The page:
If making Tony Romo move around is Eagles' blueprint for success, are Cowboys doomed?

ARLINGTON, Texas – The wisest thing Tony Romo did all afternoon was fall down.

The Dallas Cowboys' franchise quarterback collapsed to the turf on more than one occasion when the pocket collapsed around him on Thursday. He protected his ailing back and protected his team's season in doing so.

That's because the Thanksgiving Day drubbing at the hands of the Philadelphia Eagles makes one thing very clear: Even with DeMarco Murray carrying a heavy load, the Cowboys need Romo healthier if they have any hopes of getting by Philadelphia either in the regular season or the playoffs. The Eagles raced by the Cowboys early in this game, went on to win 33-10, and the plodding home team looked creaky and cranky.

The Eagles held DeMarco Murray to 73 yards on 20 carries. (AP)
The Eagles held DeMarco Murray to 73 yards on 20 carries. (AP)

Owner Jerry Jones admitted "there's plenty to criticize all over this team, starting right here [with me]," but there's one stinging issue to deal with first and foremost.

"When we get the ball," Jones said, "we need to make things happen. They did and we didn't."

Philadelphia looked fresher and sharper from the get-go, with Mark Sanchez looking like a younger Romo and Romo looking like the old, butt-fumbling Sanchez. A big part of the reason was the short week, as Romo usually takes Wednesday off and returns to the field on Thursday. Here, he came off a Sunday night road win against the New York Giants and prepared for another division rival quickly. His throws at times lacked zip and accuracy. He didn't seem to step into them like usual.

"There are no excuses," Romo said. "They made things a little bit tougher. I missed a couple throws that I normally won't miss. I will be better at that the rest of the year; I know that for sure."

The offensive line has to be better as well. Romo's young blockers have gotten a ton of credit for growing up quickly, but on Thursday they were manhandled by Fletcher Cox and company. After the game, center Travis Frederick said the performance was "just a matter of being out of rhythm." Linemates Ronald Leary and Tyron Smith sat at their lockers and declined interviews. Whatever the reason, the Eagles out-Cowboy'd the Cowboys on the ground. They outrushed Dallas 256 to 93.

"They stopped the way that we could beat them," Jones said.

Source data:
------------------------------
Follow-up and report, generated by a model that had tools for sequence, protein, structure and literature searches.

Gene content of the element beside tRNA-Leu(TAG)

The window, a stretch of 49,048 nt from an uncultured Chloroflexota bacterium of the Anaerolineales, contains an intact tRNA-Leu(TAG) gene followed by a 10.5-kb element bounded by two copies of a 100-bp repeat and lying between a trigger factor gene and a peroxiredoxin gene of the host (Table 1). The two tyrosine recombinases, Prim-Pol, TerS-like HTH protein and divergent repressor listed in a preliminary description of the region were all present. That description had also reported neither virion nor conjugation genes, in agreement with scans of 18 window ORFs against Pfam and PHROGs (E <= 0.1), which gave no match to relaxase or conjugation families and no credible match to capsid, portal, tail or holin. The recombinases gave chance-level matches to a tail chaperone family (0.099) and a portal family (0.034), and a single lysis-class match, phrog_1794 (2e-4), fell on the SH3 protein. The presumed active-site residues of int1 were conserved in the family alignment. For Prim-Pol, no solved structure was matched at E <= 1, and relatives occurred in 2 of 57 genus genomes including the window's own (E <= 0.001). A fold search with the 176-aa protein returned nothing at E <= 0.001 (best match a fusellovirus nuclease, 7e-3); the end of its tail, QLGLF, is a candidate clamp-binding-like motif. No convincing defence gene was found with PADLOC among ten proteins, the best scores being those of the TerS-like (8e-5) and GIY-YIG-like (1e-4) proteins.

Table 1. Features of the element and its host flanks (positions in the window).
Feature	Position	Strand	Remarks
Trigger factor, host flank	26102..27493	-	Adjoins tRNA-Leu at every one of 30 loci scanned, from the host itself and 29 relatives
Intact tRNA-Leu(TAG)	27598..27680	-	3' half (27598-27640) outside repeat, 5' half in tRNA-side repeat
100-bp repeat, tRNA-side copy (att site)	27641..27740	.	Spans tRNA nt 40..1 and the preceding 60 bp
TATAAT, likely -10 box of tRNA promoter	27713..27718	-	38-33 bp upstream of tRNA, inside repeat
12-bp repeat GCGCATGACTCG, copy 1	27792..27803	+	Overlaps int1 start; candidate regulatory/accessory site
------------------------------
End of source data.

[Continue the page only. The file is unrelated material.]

The Eagles' game plan was straightforward: "To stop DeMarco Murray and get them into third downs," said linebacker Connor Barwin, "and then make Tony Romo move around in the pocket."

Romo, when healthy, is terrific when he moves the pocket. Clearly that advantage is gone, at least temporarily. So if the secondary sticks with its assigned receivers, a four-man rush against Dallas is as good as a blitz. That makes the two-pronged attack of Murray and Romo inert. There isn't an obvious reason why that will change over the next several weeks, especially if Romo doesn't feel better.

LeSean McCoy shined Sunday with 159 rushing yards. (AP)
LeSean McCoy shined Sunday with 159 rushing yards. (AP)

It was a little curious why coach Jason Garrett left his quarterback on the field for the duration. The game was out of reach by the fourth quarter, and there was no reason for the quarterback to risk another bruise. Garrett said he didn't consider pulling his leader. "Our job is to compete," he said. "Compete for 60 minutes. Try to win ballgames. Everybody's a part of that."

Jones said he was "OK" with the decision, but perhaps he shouldn't have been. When you have a franchise quarterback who is sacking himself as a way of avoiding injury when there's no play to be made, there's no such thing as being too careful in a blowout. And Romo's decision to go down in those instances was also a sign of how well the Eagles game planned.

"Part of it was for me to look to move, there was nowhere to go, and it was going to end poorly if you are trying to throw with a lot of people around you," Romo said. "I tried to find a spot but I didn't. I thought there was a guy coming and I was probably wrong."

The Cowboys' December demons have shown a little early this year, and what was thought to be a chance at home to tear down the infamous 8-8 barrier with a ninth win turned into a reason for added concern. The rival with the backup quarterback looks a lot better than the team with the aching quarterback.

A home division loss in a marquee game is never good, but the odd aspect of this Cowboys season is how well they've played away from here. They're 5-0 outside of Jerryworld.

"We're focused way more on the road," defensive end Jeremy Mincey said.

That might be in part because of the underwhelming home crowd.

"We didn't get much out of 'em today," Mincey said, adding, "it was pretty quiet."

"It's the Dallas Cowboys," he continued. "They gotta take some pride."

It might not matter. The Cowboys host only one more regular-season game here this year, and if their quarterback isn't crisper in the dreaded December, there might not be a home game in January.